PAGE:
More suing occurs from the Todd McFarlane camp.
Source: Hollywood Reporter
Al Simmons, a former employee of Todd McFarlane, is being sued by the Spawn creator for having the audacity to describe himself as the inspiration for Spawn. Simmons claimed that he was the basis for Spawn, whose alter ego was also named Al Simmons, in a new memoir entitled "The Art of Being Spawn".
In his book, Simmons claimed that his life was used as the partial inspiration for Spawn. The lawsuit disputes this, claiming that Simmons (the person) has never been confused for Spawn, a former CIA operative resurrected with hellish powers after a botched mission. Complicating matters is that Simmons (the person) often made appearances on behalf of McFarlane's company as "the real Spawn" and that Simmons had to sign a waiver when the Spawn comic series was first released.
While McFarlane was interviewed for the memoir, McFarlane claims that the book is just trying to profit off of McFarlane's name and creations. He also claims that the book commits libel, unfair endorsement and misappropriation of trade secrets for claims made in the book.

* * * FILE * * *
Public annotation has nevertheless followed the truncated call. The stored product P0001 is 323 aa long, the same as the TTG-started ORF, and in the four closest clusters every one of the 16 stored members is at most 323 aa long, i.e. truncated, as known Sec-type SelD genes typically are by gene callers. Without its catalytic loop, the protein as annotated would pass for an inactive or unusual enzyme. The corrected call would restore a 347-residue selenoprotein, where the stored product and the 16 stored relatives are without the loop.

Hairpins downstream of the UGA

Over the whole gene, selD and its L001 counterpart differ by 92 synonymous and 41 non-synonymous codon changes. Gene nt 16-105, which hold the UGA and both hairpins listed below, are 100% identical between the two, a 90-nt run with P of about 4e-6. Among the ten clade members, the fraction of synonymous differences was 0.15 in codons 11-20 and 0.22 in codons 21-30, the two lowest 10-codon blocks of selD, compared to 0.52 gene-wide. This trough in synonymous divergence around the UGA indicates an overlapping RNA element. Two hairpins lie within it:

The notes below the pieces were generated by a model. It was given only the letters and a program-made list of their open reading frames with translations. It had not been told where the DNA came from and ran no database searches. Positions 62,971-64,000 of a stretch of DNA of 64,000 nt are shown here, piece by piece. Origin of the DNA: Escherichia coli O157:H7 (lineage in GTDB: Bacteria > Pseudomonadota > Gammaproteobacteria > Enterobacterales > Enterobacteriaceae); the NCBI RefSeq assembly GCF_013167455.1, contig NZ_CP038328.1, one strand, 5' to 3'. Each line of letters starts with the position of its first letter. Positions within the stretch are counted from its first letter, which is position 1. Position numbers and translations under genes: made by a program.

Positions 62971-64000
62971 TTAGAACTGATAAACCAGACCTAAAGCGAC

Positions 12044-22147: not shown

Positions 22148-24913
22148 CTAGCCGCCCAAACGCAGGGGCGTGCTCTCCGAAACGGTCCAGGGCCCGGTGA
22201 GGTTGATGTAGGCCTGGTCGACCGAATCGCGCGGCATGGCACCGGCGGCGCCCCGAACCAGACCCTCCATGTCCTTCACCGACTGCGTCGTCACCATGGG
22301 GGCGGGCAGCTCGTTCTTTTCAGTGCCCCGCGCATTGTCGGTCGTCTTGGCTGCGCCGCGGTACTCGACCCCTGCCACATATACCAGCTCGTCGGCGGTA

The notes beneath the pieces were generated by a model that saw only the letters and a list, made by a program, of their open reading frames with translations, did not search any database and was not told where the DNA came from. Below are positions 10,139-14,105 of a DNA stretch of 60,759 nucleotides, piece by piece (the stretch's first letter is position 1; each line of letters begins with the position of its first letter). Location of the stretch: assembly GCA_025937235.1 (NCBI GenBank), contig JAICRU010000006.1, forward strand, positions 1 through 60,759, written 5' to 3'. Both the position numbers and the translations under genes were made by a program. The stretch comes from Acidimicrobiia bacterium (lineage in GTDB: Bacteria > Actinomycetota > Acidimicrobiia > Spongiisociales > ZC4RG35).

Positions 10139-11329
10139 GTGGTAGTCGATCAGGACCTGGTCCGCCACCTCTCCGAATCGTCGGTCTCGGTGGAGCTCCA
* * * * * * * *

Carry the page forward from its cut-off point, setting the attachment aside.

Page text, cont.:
This is not the first time that McFarlane has sued over Spawn. He engaged in a lengthy legal battle with Neil Gaiman over aspects of the Spawn story, which also mired the rights to Miracleman in legal hell for over a decade. Also, McFarlane lost a fifteen million dollar lawsuit to hockey player Tony Twist for using his likeness and name for a character in his book. Of course, Simmons isn't asking for a stake in the Spawn franchise, so the stakes are different this time around.
Personally, this seems like a rather petty lawsuit, but perhaps it's necessary for McFarlane to protect Spawn from potential claims in the future. It's doubtful that this will interfere with any Spawn comics coming out, so the 15,000 or so people that still read it shouldn't be concerned.